Murata offers ceramics for vehicle electronics

  • 16-Nov-2008 01:54 EST
Murata EVC2.JPG
Murata developed a proprietary ceramic material that claims both large capacitance under dc bias and high allowable ripple current.

“Ceramic-based electronic components offer either a downsizing path or less cost over traditional materials, depending on the application,” said Peter Tiller, Senior Group Product Manager for Murata. He believes ceramics offer incremental reliability and robustness over traditional materials.

One example of downsizing is the EVC series of monolithic ceramic capacitors, designed for power electronics. The company touts the series as delivering higher permissive ripple current capabilities, high voltage, and large capacitance—­in a smaller package.

“Film-type capacitors generate more heat than ceramics. Using ceramics allows us to build smaller capacitors, enabling downsizing those devices needing capacitors,” explained Yuji Nakanishi, Automotive Marketing Manager for Murata.

Smaller capacitors that operate at higher temperatures are critical in the design of hybrids and electric vehicle motors, according to Murata. Murata believes its EVC ceramic capacitors deliver lower equivalent series resistance and equivalent series inductance compared to equivalent film and electrolytic capacitors.The maximum rated capacitance is 630 V dc with a capacitance of 12 microfarads at 400 V dc.

Other examples of Murata extending its product line for vehicle applications are additions in ceramic-based thermistors for sensing temperature. These new products are both positive and negative temperature coefficient (PTC and NTC) types.

­“Our PRF PTC sensor is really a go/no-go sensor for detecting overheating,” explained Tiller. The NCP series of NTC thermistors are aimed at measuring temperature accurately. First developed for consumer electronics, the technology was extended by Murata for automotive applications by designing the NCP series to meet the required ELV/UL and AEC-Q200 standards. Both automotive-grade NCP and PRF sensors are surface-mount and operate in temperatures from -40ºC to +150ºC (-40ºF to +302ºF).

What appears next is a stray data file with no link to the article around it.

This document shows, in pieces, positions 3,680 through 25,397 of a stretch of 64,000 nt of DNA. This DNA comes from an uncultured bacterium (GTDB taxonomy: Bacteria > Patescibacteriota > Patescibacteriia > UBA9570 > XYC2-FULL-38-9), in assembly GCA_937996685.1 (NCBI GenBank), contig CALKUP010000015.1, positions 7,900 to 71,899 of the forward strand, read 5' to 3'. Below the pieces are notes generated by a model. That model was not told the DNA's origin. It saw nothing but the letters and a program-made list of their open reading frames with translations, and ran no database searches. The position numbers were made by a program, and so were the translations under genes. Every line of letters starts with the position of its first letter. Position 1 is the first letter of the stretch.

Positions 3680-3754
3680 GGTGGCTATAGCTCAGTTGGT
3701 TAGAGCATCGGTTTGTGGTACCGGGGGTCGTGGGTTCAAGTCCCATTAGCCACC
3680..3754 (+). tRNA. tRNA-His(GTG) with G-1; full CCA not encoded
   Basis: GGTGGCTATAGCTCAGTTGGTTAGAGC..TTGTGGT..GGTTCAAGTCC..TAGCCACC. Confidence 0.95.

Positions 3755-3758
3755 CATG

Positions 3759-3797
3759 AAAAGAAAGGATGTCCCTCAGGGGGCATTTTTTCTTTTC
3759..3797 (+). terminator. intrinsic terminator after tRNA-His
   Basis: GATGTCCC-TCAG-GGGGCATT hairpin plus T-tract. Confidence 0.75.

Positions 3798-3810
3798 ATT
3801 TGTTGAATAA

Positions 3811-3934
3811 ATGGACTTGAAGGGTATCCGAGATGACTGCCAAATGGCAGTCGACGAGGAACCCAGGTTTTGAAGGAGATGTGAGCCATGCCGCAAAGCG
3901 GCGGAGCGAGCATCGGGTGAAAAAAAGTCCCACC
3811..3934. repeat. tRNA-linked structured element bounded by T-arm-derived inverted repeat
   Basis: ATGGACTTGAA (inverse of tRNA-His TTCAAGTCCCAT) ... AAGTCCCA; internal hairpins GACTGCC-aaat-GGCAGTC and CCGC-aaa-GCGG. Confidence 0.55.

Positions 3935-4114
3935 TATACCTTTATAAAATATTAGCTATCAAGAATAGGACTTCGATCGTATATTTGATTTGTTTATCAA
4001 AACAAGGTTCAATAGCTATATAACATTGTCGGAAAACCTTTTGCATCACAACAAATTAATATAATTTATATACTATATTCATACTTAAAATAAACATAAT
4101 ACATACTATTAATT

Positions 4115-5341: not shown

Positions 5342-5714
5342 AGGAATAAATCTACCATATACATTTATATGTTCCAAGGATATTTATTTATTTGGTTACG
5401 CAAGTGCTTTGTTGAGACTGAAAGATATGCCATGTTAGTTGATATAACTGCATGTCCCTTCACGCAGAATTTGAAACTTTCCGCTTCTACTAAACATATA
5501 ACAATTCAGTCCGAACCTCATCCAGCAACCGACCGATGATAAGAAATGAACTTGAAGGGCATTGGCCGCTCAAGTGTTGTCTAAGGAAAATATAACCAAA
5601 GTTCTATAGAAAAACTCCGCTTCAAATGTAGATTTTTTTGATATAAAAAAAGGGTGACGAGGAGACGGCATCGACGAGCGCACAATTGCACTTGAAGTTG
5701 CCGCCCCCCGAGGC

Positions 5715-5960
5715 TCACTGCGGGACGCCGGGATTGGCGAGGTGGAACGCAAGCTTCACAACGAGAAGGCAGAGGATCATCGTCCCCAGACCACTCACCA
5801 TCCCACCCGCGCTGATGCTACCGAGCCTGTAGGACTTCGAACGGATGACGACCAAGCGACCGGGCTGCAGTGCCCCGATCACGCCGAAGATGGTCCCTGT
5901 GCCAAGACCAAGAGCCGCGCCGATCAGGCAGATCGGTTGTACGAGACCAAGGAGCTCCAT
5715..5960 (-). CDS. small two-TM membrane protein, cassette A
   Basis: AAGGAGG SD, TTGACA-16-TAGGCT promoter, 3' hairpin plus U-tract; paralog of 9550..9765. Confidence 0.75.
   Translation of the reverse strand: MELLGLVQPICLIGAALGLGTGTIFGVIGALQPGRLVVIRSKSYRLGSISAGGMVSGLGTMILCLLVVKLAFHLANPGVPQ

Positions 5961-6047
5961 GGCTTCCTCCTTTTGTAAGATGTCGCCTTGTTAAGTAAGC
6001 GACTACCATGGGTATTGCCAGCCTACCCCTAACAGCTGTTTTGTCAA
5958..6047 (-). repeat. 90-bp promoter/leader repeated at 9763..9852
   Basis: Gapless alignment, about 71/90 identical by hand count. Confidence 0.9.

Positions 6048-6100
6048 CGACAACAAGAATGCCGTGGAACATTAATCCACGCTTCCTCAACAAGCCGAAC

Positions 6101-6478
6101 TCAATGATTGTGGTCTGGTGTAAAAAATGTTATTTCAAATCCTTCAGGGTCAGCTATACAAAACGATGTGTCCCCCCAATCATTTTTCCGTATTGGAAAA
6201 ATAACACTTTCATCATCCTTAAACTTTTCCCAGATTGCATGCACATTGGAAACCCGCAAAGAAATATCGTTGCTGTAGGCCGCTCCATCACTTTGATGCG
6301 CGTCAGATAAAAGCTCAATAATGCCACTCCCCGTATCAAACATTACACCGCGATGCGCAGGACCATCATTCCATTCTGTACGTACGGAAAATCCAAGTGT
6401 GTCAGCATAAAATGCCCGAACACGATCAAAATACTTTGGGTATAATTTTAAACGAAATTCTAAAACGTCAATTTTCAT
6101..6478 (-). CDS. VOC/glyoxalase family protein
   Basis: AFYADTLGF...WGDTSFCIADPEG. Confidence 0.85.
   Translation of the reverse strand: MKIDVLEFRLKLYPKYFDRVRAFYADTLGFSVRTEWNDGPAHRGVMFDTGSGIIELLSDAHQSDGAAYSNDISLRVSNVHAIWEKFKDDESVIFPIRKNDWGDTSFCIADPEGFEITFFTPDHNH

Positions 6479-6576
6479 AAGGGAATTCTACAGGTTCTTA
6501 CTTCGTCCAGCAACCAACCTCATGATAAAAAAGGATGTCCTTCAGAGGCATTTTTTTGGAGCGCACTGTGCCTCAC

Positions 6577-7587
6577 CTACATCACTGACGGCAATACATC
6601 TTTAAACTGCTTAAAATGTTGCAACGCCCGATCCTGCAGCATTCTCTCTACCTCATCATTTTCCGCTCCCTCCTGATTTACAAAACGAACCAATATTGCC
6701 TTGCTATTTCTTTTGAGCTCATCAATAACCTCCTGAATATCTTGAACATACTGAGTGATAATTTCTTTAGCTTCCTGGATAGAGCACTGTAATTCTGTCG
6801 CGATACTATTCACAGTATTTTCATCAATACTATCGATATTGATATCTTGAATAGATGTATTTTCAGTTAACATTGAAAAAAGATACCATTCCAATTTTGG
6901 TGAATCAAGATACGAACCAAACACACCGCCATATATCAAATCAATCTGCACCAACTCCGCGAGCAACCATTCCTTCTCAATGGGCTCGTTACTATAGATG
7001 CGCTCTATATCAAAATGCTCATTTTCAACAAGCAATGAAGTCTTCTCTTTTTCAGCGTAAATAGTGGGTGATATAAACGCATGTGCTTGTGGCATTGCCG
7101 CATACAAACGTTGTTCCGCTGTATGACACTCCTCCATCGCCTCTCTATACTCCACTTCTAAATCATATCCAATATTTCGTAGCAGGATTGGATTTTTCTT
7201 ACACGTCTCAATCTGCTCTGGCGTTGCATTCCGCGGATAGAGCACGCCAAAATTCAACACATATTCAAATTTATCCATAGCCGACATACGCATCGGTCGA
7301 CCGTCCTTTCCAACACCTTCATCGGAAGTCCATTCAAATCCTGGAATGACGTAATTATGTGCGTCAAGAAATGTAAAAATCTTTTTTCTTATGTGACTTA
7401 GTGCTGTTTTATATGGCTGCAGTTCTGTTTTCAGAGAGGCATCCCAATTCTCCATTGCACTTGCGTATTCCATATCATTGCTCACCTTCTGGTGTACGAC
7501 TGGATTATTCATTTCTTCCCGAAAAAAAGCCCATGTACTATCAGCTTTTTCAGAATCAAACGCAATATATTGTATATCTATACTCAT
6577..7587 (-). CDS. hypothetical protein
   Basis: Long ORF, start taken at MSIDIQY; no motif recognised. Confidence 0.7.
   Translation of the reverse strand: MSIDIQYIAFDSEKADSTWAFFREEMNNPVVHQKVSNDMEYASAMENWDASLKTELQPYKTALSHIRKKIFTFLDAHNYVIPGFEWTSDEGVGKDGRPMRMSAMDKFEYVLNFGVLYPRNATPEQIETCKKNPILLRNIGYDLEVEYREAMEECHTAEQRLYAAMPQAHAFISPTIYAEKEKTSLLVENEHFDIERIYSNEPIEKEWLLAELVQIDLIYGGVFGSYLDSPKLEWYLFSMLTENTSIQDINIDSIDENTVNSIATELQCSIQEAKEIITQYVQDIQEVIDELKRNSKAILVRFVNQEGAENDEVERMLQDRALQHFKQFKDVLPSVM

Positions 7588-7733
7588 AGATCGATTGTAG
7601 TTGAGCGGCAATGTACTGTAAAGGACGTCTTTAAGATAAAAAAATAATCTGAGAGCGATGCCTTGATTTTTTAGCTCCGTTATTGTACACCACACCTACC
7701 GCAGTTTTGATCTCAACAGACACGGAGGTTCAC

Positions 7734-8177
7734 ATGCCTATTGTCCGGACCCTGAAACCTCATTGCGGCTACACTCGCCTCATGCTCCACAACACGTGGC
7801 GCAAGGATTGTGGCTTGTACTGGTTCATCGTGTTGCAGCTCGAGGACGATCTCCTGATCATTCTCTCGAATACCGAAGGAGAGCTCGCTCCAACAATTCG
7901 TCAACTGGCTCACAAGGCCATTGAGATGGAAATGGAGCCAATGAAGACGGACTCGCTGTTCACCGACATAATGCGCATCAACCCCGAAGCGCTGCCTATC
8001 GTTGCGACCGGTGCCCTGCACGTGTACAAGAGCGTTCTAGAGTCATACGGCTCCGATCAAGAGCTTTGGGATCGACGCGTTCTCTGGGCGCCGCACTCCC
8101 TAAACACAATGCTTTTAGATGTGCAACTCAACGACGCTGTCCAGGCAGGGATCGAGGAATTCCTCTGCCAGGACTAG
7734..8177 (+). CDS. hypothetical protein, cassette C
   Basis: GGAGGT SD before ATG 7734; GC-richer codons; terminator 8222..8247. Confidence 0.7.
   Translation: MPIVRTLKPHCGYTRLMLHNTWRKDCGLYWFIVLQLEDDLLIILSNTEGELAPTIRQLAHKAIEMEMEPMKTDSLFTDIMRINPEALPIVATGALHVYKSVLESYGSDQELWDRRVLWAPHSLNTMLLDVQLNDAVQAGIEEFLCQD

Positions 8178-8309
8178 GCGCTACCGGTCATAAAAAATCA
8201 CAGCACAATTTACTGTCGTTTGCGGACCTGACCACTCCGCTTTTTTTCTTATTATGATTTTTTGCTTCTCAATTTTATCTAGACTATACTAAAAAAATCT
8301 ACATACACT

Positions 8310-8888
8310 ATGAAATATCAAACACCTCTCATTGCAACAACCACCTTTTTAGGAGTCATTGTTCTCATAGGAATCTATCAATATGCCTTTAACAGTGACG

Designed primarily for over-current protection, Murata’s PRG21/18 PTC thermistors should be used where small packaging and high reliability are needed. A ceramic multilayer PTC thermistor, it meets ELV/UL and AEC-Q200 standards.

“These PRF thermistors can be used with LEDs to control current dynamically, replacing ICs or resistors now used. They could also provide over-current protection for hybrid batteries or with car radios. With no hysterisis, they act as resettable fuses,” explained Tiller. He goes on to say that while polymers are useful in detecting higher currents, ceramics offer lower cost and more robust operation in low-current applications. He describes low current as less than six amps.

HTML for Linking to Page
Page URL
Rate It
0.00 Avg. Rating

Read More Articles On

An ultralight door architecture nets a 42.5% weight savings compared to a current production door, and that's enough to put this lightweight concept, developed via collaboration, in an enviable position.
Sarlink ML-2355B from Teknor Apex is a new styrene block copolymer thermoplastic elastomer (TPE-S) for automotive interior parts such as cable ducts and grommets.
Despite rumors of an acquisition by Apple, McLaren is racing ahead on £1B in self-funded R&D and an ambitious plan to develop an electric supercar worthy of the name.
To reduce the weight of the 2017 Chrysler Pacifica while meeting or exceeding crash test requirements and minimizing costs to the consumer, ArcelorMittal and ArcelorMittal Tailored Blanks (AMTB) began co-engineering work with FCA US LLC in 2012 to identify applications that would meet all objectives.

Related Items

Technical Paper / Journal Article
Training / Education
Training / Education